Sales managers need full visibility into what percentage of their sales pipeline actually converts to deals – without this information, they can’t forecast accurately or plan their sales effectively. The problem lies with sales reps, who sometimes have their own agenda and don’t hew closely to the best practices of the sales process.
The thing about sales reps is that they like talking about their closed-won deals a lot more than they like highlighting their losses. You’ve never seen a rep move faster than when moving an opportunity to a closed-won bucket, but bring up the topic of closed-lost opportunities and you’ll see them dragging their feet.
The problem with this type of mentality is that it causes your win/loss ratio to be skewed and ultimately forces an inaccurate forecast. Sales managers need to enforce a tight sales pipeline – failing to do so is dangerous and can cause disparities between the win rate on the sales funnel and the win rate on ALL sales pipeline opportunities.
Which brings us to the open sales funnel report.
The difference between both sales funnel reports
Take a look at this sales funnel report below. You’ve probably seen this before. This report is a measure of your conversion rates between each sales funnel stage – and your eventual overall win rate – on all opportunities that closed within the selected time frame. Opportunities that closed refers to both closed-won and closed-lost opps. In this time frame, this company won 31% of its opportunities (418 deals out of 1,358 opportunities worked).
However, what this sales funnel report does not account for is opportunities that slip – those that have their close dates changed or pushed out. Managing close dates on opportunities in Salesforce reports is a problem that many reps struggle with. This leads to inaccurate information that can sabotage a team’s forecast, while inflating a rep’s or team’s win rate unrealistically.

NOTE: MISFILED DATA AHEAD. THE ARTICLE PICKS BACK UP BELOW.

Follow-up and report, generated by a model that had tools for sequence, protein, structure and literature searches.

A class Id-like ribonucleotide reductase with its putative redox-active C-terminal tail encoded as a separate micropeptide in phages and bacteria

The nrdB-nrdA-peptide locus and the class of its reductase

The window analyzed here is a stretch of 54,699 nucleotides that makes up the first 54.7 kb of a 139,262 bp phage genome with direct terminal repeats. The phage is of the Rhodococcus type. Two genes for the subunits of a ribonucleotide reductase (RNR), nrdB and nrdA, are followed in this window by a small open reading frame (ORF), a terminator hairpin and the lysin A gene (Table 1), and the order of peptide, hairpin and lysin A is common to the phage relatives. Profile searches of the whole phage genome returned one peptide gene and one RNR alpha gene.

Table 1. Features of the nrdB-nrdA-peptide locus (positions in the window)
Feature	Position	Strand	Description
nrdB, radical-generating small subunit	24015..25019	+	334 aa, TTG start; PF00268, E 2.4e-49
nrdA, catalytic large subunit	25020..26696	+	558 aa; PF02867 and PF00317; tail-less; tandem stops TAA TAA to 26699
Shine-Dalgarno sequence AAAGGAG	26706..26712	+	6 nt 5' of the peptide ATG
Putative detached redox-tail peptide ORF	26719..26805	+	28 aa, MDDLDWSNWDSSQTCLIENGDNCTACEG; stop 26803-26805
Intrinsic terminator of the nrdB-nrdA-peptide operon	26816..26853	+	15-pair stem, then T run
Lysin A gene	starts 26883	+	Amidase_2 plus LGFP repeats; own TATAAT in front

For a company that doesn’t enforce a strict pipeline or one that suffers from poor data quality due to the work habits of their reps, forecasting and analyzing their performances based off the sales funnel report above isn’t exactly accurate. That report only takes into account the number of wins and losses; a true win rate consider wins, losses and opportunities that slipped or had their close date changed.
What they should use instead is the Open Sales Funnel report, like in this example here. Notice that there are significantly more opportunities in the qualifying stage, as well as a handful more in each subsequent stage. This is because this sales funnel report actually takes into account all opportunities in the pipeline – including those that have had their close dates pushed. When factoring in these opportunities, notice that the win rate – on the same number of deals won – is substantially lower, 23% compared to 31%.
Is this the best way of doing sales funnel analysis and sales pipeline management?
We would say no. This isn’t the best way to manage your sales pipeline. Sales managers need to be strict on their reps when it comes to effective and efficient sales pipeline management. They need to control their team to close out bad opps (as closed-losses).
Yet, even when they can’t, they still need to be able to forecast accurately. This means having a win rate that they can extrapolate to their other opportunities. In that case, using the 31% figure from the sales funnel report above wouldn’t be a true representation – that is misleading and would produce a higher-than-expected sales forecast.
Instead, the more realistic number to use when calculating that sales forecast should be the 23% win rate. Until your reps become more disciplined on entering high-quality data and effectively handling close dates in Salesforce.com, this is how you will have to do your sales funnel analysis.
While the Open Funnel is a fine substitute, it is ultimately not the best tool for effective sales pipeline management. Coach your reps to be more discerning and honest in closing out bad opps and pushing close dates when necessary, while accepting losses when they happen.